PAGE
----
I can remember first hearing India.Arie’s song “I Am Not My hair” in high school. It’s a great song, and has really good advice; don’t wrap up your self-esteem in your hair, or anything about your appearance for that matter. And I agree, but what we really have to do is to gain self-esteem in the first place so we can stop letting others control how we view our hair, and by extension us. Whether it’s a parent, a significant other, a friend, a hairstylist or just society in general. Letting them control our hair is only a symptom of a bigger problem. Letting others’ opinions become more important than your own shows a lack of confidence in yourself. And without that confidence, you end up letting the hair (or something else about your appearance) and how people react to it become your source for self esteem and even if you do everything they want you to do you will still have no self esteem. I know, because it’s my hair story.

Like many biracial children I grew up in White neighborhoods. I had a White dad and a Black mom who was very laid back and low maintenance and didn’t force any beauty products on me (though I wish she had at least told me about deodorant but that’s another story). So I had to figure out a lot of things on my own. Nobody dragged me into a salon to get a relaxer, nobody gave me traction alopecia by braiding too-tight braids into my hair, nobody was telling me I had bad hair (my dad didn’t even know that phrase and my mom would certainly never use it), nobody forced weave on me. No, nobody did any of that stuff but neither did anybody instill confidence in my hair type, tell me I had good hair so I ended up doing all of these things to myself in the end anyway.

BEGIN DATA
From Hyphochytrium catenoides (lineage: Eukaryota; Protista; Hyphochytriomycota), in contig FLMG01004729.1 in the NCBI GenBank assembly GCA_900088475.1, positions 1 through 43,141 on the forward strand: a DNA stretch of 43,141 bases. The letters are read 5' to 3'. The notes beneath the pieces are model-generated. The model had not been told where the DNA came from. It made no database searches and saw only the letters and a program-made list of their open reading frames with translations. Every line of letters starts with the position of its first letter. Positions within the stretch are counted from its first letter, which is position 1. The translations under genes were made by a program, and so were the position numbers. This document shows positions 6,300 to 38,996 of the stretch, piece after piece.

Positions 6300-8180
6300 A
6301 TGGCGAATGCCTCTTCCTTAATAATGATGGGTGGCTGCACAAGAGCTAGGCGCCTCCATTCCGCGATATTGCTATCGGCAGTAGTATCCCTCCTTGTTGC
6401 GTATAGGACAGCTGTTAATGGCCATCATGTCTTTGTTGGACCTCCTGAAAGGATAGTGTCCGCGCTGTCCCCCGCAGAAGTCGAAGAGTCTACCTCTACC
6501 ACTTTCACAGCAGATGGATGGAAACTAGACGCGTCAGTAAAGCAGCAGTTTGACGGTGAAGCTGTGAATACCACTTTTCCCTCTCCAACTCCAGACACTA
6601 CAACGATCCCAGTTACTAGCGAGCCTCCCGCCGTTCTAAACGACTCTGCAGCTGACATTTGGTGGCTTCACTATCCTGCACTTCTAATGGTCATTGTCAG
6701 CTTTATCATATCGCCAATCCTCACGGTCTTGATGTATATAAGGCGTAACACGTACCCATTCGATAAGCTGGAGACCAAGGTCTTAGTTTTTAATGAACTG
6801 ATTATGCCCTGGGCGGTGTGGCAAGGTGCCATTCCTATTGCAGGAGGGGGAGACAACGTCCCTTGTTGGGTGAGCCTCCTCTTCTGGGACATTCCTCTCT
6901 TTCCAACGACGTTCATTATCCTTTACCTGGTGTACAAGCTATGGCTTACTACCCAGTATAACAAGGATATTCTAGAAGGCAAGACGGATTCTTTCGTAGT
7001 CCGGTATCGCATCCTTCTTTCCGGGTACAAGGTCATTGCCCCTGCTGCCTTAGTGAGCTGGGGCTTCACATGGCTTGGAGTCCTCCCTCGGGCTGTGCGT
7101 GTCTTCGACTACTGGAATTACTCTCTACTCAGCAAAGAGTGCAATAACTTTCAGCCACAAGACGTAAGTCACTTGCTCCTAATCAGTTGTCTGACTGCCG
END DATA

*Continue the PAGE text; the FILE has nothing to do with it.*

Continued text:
When I was two years old, my well-intentioned father took me to his barbers shop for white males to get my hair cut. I had an unintentional Frohawk too short to pull back into my habitual bunny tail for months afterwards. And that was the last attempt my dad made towards styling my hair. Even my mom was clueless when it came to what to do with my hair. Growing up I was deemed too tender headed to do anything with. Through elementary school my hair was just something to pull back in a hasty puff. Looking back at pictures I can see my hair was ready to blow it was so dry. Thank goodness I didn’t play with matches; I would have taken my whole block with me. I realize now that I had a low level embarrassment towards my hair. It was different. I went to a heavily white school in a white neighborhood. All I knew about my hair were the small comments other people made about it.